Here is more complete data on police expenditures, interesting throughout, via Charles Fain Lehman.  The sociology of this issue I find fascinating.  Usually in Progressive lore, if you defund an agency, you lower its quality and make it all the more dysfunctional.  But in this case, defunding the bureaucracy, namely the police, is supposed to solve the problem.  Is there anywhere a well-worked out model of why this particular bureaucracy might be different from the others?  (Maybe it is, I would gladly link to such an argument!)  Or, dare I say it, is this just mood affiliation and once again…politics isn’t about policy.  I’ll give 4-1 odds on the latter.

The return to studying economics is fairly high

Selection bias may confound the identification of field-specific returns to higher education. This study investigates the wage return to studying economics by leveraging a policy that prevented students with low introductory grades from declaring the major. Regression discontinuity estimates show that policy-complying economics majors — who appear representative on observables — earned $22,000 (58%) higher annual early-career wages than they would have with their second-choice majors, despite otherwise-unchanged educational investment and attainment. Cross-industry wage variation explains half of the return, with economics majors channeled towards high-wage economics-related industries. Differences between institution-specific or nationally-representative average wages by major well-approximate the estimated causal return.

That is from a new paper by Zachary Bleemer and Aashish Mehta, via the excellent Kevin Lewis.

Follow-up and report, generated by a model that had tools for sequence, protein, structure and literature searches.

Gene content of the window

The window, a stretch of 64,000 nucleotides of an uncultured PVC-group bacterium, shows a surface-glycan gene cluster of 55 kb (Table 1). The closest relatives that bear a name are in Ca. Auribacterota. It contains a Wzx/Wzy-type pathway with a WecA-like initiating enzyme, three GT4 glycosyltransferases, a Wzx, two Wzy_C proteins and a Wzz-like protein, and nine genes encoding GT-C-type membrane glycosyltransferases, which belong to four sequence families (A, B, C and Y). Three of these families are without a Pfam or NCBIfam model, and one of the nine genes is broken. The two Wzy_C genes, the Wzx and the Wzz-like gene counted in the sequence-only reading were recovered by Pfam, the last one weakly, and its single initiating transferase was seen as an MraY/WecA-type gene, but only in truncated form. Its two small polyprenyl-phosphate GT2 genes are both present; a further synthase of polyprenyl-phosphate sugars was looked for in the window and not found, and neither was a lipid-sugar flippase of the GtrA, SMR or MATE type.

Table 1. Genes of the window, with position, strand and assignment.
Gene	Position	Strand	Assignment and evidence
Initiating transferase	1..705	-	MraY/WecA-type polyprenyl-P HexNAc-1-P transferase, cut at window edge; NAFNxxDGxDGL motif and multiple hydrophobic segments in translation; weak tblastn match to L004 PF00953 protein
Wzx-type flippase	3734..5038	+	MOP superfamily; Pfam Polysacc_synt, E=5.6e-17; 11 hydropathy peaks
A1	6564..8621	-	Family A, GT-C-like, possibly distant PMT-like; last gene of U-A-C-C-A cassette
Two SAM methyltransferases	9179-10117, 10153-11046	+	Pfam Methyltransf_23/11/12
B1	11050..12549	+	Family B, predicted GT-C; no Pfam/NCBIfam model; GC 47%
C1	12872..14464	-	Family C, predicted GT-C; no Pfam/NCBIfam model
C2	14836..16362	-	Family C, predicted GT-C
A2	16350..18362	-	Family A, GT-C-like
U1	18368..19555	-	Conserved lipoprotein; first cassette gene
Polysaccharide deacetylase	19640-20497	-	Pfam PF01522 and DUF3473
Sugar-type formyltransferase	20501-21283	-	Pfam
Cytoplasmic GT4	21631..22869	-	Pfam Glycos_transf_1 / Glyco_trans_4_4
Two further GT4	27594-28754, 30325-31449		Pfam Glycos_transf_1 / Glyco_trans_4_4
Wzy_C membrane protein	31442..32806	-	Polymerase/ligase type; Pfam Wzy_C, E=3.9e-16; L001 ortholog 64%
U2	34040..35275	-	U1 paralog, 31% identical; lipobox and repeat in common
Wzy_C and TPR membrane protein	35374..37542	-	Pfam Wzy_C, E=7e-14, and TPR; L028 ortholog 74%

Is this why budget deficits might prove sustainable?

By Adrien Auclert, Hannes Malmberg, Frederic Martenet, and Matthew Rognlie:

We use a shift-share approach to quantify the general equilibrium effects of population aging on wealth accumulation, real interest rates, and capital flows. Combining population projections with household survey data from the US and 24 other countries,we project the evolution of wealth-to-GDP ratios by changing the age distribution,holding life-cycle asset and income profiles constant. We find that this compositional effect of aging is large and heterogeneous across countries, ranging from 85 percent-age points in Japan to 310 percentage points in India over the rest of the twenty-first century. In a general equilibrium overlapping generations model, our shift-share provides a very good approximation to the evolution of the wealth-to-GDP ratio due to demographic change when interest rates remain constant. In an integrated world economy, aging generates large global imbalances in the twenty-first century, pushing net foreign asset positions to levels several times larger than those observed until today.

Via Steven Bogden.  This is very likely an important piece.